By Kateryna Kyryllova. Earnings per share (EPS) is one of the most important corporate performance metrics, yet, one of the most complex measurements for companies with multiple types of equity awards. Jim Vincent, the vice president of client support at Certent, along with Ken Stoler of PricewaterhouseCoopers LLP and Raul Fajardo CEP, QUALCOMM Incorporated will be talking about the challenges of computing EPS at the 23rd Annual NASPP Conference in San Diego later this month. We met with Jim Vincent to take a peek at some of the considerations that may affect your EPS calculations.
KK: Tell us a little bit about your breakout session for the NASPP conference, “Advanced EPS: Beyond Stock Options.”
JV: I’m excited to be presenting with Ken Stoler from PricewaterhouseCoopers and Raul Fajardo from QUALCOMM Incorporated. In our session, we will be walking through real-life examples to examine the challenges companies face in computing EPS for PSUs, RSUs, PSAs, RSAs, and ESPPs.
KK: Why is it so important for stock plan administrators to have a solid grasp on EPS?
JV: Earnings per share is generally considered to be the single most important variable in determining a share’s price. There are many varieties of EPS being used these days and stock plan administrators must understand what each one represents. For example, EPS is defined as net income divided by the number of shares outstanding. However, both the numerator and denominator can change depending on how you define “earnings” and “shares outstanding.”
KK: Let’s talk about the denominator – what are the most common ways of defining the “shares outstanding”?
JV: Shares outstanding can be defined as basic or diluted. Basic EPS is calculated using the number of shares that have been issued and held by investors. Diluted EPS entails a complex calculation that determines how many shares would be outstanding if all exercisable stock grants, warrants, and options were converted into shares at a certain point in time. If a company has more types of stock than common stock in its capital structure, it must present diluted EPS in addition to basic EPS.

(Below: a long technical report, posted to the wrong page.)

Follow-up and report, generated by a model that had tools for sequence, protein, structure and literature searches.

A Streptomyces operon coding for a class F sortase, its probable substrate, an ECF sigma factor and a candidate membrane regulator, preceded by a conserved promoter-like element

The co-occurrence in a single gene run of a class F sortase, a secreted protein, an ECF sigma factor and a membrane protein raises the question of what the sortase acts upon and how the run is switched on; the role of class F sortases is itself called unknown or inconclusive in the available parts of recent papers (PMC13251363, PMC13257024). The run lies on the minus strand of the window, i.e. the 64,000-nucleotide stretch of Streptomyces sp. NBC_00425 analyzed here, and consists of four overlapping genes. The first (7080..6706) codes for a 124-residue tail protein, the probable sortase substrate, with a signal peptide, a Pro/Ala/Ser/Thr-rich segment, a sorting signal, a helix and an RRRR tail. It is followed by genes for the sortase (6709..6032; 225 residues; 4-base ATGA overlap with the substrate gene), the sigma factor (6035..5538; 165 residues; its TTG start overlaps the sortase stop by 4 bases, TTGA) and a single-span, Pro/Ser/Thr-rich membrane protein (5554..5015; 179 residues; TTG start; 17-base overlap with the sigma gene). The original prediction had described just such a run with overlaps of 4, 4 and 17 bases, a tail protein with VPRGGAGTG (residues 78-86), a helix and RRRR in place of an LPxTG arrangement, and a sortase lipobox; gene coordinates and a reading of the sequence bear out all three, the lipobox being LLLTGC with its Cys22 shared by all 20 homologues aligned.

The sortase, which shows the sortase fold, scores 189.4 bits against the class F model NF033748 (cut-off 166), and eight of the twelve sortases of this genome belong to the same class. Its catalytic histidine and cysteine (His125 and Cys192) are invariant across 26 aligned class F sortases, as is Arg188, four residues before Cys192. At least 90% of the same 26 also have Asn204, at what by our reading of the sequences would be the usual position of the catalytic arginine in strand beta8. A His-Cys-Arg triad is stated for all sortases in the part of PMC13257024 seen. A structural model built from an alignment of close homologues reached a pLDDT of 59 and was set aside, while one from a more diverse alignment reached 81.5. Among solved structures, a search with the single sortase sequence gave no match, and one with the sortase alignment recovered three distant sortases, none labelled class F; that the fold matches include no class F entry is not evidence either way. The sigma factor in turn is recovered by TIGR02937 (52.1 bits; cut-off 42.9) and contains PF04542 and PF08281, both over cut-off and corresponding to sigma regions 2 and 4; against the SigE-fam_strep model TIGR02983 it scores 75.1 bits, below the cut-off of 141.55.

KK: Which type of equity awards represent the biggest challenge when calculating EPS?
JV: I would say ESPP [employee stock purchase plans] because there is no specific guidance on how to incorporate the impact of an ESPP on the calculation of diluted EPS, and companies apply different methods of calculating it.
KK: What is the main thing companies should be mindful of when calculating EPS for an ESPP?
JV: If you are a public company and you perform this calculation – congratulations! We find companies skip this step for a variety of reasons. For those companies who factor ESPP into their EPS calculation – when calculating the dilutive impact of your ESPP plan, make sure to calculate the buyback component for unamortized expense. Because companies have to calculate the estimated number of shares purchased for Black-Scholes valuation purposes, they often simply use that estimated number in the diluted calculation rather than take the extra step to factor in unamortized expense.
KK: What are you most looking forward to at this year’s NASPP conference?
JV: NASPP is a great conference. I look forward to catching up with all the equity compensation experts that attend each year – I don’t recall anywhere or any time more experts in our space gather, so it’s a great way to share information and learn what is going on in our industry.